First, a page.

The UN convention on the rights of Indigenous people says that Indigenous peoples have the right to be actively involved in developing, determining and administering health (and other programs) – what role are Indigenous peoples playing at the international level, in ensuring that this occurs?

Australia has a number of health related agencies represented in the United Nations Permanent Forum on Indigenous Issues and other UN fora, for example the National Aboriginal Community Controlled Health Organisation (NACCHO) and many of the Land Councils represent Aboriginal and Torres Strait Islander Australia at the UN. However I think that the agenda’s fairly packed and the time’s limited to present issues and HIV probably does get left off the agenda. There are so many other competing health priorities, things like education and human rights issues; clean water and sanitation are still needed in many remote communities.

This image of the IIWGHA logo is on a drum
at the AIDS 2012 conference. Photo by
 IIWGHA’s Trevor Stratton.
I’m part of the International Indigenous Working Group on HIV/AIDS (IIWGHA). It’s made up of Indigenous people from 17 countries ranging from South and Latin America, North America, New Zealand, Fiji, Australia. We are trying to move forward with pushing HIV/AIDS as an agenda item in the UN Permanent Forum and other UN fora. Last year the IIWGHA was represented at the UN Permanent Forum for Indigenous Issues so I think we’re making headway but we've got a long way to go in terms of getting HIV up as an international agenda item.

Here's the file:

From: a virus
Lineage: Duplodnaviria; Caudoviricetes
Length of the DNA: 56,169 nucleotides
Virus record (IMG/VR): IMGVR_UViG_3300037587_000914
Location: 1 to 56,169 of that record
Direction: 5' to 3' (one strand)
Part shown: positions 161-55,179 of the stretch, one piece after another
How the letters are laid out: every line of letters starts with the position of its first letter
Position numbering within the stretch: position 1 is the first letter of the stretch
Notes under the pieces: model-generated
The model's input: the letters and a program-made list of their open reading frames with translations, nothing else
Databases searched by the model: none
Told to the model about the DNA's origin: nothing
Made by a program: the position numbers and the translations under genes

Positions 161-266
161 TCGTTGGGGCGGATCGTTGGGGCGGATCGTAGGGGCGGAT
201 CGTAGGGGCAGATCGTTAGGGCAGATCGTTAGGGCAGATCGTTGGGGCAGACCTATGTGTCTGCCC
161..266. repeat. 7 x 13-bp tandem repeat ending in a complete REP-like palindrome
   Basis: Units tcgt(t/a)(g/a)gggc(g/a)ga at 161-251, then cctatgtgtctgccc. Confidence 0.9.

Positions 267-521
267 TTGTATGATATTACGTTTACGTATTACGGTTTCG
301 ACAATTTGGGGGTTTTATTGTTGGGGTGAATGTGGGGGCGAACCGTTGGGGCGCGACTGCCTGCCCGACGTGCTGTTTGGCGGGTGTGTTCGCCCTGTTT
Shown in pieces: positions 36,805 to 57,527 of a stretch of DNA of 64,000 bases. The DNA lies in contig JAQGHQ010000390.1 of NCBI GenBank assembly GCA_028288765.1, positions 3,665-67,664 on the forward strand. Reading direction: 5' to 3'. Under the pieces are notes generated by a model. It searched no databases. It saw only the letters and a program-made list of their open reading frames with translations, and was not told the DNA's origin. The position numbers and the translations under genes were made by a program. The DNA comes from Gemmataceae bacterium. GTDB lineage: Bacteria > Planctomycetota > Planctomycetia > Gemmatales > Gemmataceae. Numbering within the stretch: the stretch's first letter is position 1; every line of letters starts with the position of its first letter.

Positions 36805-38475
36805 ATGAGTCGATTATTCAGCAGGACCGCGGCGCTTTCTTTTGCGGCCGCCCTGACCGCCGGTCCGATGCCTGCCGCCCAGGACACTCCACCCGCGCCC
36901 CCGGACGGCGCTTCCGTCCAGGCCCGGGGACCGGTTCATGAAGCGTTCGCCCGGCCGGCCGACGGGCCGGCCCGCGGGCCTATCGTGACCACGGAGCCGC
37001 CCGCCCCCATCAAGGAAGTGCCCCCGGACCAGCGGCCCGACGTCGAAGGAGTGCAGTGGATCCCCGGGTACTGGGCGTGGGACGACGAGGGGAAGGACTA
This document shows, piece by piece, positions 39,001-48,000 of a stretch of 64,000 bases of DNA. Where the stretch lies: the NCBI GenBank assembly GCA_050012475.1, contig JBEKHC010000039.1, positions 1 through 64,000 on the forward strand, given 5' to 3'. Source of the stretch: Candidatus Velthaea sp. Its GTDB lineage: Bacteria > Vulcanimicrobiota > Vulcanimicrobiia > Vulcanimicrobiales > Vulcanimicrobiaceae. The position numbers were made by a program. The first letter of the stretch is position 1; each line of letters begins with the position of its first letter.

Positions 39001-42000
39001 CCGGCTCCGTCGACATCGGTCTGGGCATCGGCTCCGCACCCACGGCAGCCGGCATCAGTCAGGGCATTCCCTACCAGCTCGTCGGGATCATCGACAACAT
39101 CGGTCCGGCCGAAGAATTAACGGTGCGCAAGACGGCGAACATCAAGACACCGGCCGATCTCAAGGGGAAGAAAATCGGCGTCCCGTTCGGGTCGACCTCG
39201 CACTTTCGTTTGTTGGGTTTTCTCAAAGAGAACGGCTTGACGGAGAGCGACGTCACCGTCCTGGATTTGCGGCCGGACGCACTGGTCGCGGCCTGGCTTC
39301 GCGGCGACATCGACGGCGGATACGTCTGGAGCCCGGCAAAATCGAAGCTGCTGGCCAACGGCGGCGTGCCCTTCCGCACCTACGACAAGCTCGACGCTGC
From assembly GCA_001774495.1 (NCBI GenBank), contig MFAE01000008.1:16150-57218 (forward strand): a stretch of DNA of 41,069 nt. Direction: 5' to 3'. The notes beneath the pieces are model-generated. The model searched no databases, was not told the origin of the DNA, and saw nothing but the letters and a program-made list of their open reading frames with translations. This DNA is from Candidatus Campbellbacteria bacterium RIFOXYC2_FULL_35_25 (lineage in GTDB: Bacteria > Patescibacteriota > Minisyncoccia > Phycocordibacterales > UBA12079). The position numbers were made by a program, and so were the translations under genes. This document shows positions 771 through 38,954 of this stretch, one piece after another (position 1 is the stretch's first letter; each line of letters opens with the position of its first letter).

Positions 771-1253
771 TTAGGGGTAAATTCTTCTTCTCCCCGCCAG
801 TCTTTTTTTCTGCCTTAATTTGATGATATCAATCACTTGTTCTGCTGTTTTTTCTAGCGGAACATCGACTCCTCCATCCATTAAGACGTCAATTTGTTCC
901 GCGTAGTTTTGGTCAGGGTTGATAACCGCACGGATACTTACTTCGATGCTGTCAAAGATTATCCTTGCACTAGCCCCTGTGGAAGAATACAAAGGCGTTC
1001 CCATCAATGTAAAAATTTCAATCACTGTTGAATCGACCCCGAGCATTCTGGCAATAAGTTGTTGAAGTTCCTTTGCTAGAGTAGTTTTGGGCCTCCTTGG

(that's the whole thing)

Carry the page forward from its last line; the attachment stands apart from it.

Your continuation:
Do Aboriginal and Torres Strait Islander people have the necessary level of autonomy in developing and implementing HIV programs for their communities?

Most Aboriginal and Torres Strait Islander people are well versed in understanding the risk factors within their communities and probably, once prompted, know what needs to happen in terms of addressing those risk factors; however, I’d say there isn't always autonomy in running those programs or responding to those risk factors. It’s very difficult in a diminishing economy to try and get some of those risk factors addressed. I think we do fairly well in most areas in Australia but we need to get better at securing funding at the right time and for the right issue.

The next edition of AFAO’s regular magazine, HIV Australia, takes a look at HIV and sexual health issues for Aboriginal and Torres Strait Islander people. You’re one of the guest editors – can you give us a sneak peak at some highlights?